Real Estate's sophomore effort Days
is a step forward in temperament. The New Jersey based band has always made their music sound easy, but this is ridiculous. The songs are light, breezy, and seemingly played without any sort of strenuous effort, as if picking up a guitar and strumming out chords is like walking and breathing. The songs are well suited for doing absolutely nothing;—listening to on a hammock in the yard on a balmy summer's day, napping, or just sitting around. But there is more to Days
than just how easy the songs sound, or how effortlessly the vocals coalesce. The songs use their amicable nature to take on deeper motifs, both sonic and lyrical, about the human condition.
That feeling of ease doesn't mean that the songs are inherently basic or simplistic. The layers upon layers of guitars give each track a palpable texture and depth, which translates into some chewy aesthetics. And there are a lot of these layers. Rolling guitar riffs weave seamlessly in and out of each other to create something that sounds like one fluid machine, a tapestry of licks. The end of the seven and a half minute album closer, "All The Same," is a prime example of the collection of guitars swimming in each others' aural oceans. The drums are subtle but by no means understated—they propel the tracks forward without being overbearing or gaudy. The reverb and echo that plays throughout this album gives the songs a distant quality while talking about very close things, almost like seeing a scene unfold as a fly on the ceiling.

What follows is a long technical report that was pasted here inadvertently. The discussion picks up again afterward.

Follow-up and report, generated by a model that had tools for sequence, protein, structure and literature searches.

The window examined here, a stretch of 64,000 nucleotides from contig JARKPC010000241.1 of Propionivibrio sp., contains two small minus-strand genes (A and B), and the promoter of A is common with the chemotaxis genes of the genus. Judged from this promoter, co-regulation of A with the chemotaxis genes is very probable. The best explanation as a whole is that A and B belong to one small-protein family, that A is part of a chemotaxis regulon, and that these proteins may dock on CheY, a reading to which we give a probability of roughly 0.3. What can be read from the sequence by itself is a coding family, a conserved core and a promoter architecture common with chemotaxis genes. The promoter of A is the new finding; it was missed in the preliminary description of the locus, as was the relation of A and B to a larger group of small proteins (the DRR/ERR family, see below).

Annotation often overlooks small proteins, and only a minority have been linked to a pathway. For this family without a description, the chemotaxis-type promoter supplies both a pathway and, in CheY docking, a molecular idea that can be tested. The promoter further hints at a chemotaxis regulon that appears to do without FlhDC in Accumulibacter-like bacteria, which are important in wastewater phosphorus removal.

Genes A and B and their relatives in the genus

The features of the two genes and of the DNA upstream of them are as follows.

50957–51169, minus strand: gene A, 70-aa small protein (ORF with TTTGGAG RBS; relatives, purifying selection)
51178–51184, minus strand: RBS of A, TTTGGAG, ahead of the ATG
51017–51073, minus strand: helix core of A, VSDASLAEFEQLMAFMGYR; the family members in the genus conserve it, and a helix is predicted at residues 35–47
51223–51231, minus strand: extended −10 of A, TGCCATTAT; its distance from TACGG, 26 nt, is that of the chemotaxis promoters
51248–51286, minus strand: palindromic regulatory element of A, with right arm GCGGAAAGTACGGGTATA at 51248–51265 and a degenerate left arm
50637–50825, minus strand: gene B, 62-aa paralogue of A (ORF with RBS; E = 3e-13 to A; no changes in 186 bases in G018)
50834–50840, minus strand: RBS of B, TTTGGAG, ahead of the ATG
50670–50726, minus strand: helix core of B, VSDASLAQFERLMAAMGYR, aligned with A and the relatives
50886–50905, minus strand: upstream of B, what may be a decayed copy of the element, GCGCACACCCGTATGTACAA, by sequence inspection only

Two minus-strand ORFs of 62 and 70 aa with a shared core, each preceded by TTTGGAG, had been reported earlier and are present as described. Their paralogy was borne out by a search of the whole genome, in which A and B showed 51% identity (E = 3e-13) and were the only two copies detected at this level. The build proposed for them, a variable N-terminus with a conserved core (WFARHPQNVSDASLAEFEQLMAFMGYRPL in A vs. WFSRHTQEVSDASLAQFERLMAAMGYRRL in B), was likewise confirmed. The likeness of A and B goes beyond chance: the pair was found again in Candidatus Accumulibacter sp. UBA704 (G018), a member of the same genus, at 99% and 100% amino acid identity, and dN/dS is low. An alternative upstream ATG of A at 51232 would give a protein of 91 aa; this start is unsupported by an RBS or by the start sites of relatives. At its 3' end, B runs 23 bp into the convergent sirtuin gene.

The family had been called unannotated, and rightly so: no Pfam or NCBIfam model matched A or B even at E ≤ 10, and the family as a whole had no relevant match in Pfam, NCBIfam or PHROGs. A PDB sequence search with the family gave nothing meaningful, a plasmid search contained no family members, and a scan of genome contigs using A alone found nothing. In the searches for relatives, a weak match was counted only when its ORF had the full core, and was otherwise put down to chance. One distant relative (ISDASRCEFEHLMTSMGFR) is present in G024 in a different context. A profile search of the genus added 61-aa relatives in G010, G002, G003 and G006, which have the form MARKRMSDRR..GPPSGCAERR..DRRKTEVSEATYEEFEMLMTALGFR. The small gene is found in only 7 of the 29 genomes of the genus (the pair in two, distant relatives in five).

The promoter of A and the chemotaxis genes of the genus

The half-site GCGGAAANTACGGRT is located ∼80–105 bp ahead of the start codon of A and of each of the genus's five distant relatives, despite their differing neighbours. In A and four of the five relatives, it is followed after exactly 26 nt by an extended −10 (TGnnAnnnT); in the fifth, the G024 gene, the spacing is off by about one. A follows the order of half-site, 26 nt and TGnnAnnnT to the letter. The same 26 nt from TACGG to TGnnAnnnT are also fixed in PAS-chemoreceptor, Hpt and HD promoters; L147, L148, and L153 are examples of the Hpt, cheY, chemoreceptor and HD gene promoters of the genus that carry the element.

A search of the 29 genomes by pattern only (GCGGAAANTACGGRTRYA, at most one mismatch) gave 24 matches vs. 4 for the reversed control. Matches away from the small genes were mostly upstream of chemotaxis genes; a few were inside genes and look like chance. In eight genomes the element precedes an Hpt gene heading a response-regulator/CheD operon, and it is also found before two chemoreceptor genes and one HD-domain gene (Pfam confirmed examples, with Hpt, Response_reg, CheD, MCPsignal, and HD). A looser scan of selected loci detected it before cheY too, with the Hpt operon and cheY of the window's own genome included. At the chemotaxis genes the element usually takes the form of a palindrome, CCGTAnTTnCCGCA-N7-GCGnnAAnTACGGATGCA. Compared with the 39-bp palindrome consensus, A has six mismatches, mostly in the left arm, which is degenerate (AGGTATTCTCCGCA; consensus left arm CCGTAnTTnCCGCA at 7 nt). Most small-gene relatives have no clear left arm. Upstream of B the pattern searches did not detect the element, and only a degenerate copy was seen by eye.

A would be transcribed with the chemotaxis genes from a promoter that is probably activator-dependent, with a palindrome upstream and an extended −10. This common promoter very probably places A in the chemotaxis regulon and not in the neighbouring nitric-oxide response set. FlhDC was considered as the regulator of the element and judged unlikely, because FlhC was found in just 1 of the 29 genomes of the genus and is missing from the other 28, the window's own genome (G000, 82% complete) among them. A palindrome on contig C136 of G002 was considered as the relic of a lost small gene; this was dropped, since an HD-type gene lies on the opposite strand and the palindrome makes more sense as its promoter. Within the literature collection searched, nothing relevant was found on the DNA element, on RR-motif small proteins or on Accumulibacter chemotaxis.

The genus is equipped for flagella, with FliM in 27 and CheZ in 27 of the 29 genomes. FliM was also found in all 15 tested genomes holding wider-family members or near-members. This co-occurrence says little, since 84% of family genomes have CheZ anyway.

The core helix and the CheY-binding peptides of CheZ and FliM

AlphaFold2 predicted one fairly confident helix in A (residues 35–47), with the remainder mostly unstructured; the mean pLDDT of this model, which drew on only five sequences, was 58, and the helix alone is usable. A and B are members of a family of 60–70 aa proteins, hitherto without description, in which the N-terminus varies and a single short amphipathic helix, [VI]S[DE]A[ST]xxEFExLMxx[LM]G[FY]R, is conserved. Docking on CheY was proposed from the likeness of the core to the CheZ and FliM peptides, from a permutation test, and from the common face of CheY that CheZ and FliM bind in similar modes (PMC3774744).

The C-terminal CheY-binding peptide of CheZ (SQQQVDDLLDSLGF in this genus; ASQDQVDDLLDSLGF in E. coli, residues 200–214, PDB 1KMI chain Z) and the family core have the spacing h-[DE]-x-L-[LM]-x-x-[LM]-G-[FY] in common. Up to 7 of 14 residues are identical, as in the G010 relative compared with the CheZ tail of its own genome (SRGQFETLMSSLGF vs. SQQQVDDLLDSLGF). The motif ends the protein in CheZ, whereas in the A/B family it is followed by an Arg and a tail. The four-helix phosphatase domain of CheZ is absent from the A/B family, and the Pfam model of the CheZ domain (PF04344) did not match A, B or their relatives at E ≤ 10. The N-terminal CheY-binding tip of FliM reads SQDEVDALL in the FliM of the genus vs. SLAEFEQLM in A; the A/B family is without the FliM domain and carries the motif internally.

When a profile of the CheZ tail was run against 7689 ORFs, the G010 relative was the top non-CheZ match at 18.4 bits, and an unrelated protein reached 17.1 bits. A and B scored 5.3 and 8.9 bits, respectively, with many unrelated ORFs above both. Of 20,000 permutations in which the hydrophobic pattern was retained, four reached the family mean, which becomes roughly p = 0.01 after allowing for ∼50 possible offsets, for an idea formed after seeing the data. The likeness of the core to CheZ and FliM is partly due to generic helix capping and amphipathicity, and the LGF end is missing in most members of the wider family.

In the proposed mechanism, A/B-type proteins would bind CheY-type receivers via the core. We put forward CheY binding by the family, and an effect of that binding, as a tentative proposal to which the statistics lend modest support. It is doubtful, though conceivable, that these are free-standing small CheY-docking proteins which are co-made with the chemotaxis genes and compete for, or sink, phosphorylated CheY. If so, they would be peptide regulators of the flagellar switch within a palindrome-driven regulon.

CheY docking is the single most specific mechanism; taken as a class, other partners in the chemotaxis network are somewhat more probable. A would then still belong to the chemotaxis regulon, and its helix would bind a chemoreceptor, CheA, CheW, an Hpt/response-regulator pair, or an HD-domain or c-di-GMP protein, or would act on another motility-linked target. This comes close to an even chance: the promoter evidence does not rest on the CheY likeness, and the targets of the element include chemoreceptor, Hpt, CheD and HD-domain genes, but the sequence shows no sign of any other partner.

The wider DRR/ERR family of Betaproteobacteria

kicks off with "Easy," and the song is just that—smooth and effortless. The poppy chord progression gives the song an uplifting feel as singer Martin Courtney ruminates on the notions of love and dreams. "Around the fields we grow / With love for everyone / Dreams we saw with eyes of hope / Until that dream was done." "It's Real" showcases the band's knack for making simple statements seem profound. The double tracking of some guitar, a two-note synth riff, and Courtney's lyrics about carving names into a tree come together to create something heartfelt and emotional despite the tired tropes. And Courtney's soft, airy delivery gives his lyrics a knowing tone, like looking back and being able to see more clearly, to be wiser.
That seems to be the thing to take away from Days
—taking notice that blase activities like floating lazily on a pool toy or going for an aimless drive to nowhere are somewhat solidly connected to tranquility and ultimately, are meaningful. Courtney's lyrics capture, and the rest of the band reinforces a "life is good" sort of profundity that most in our cynical society would dismiss as stereotypical or useless in affecting narratives. But, seriously those critics need to chill out, right?
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MP3: "It's Real"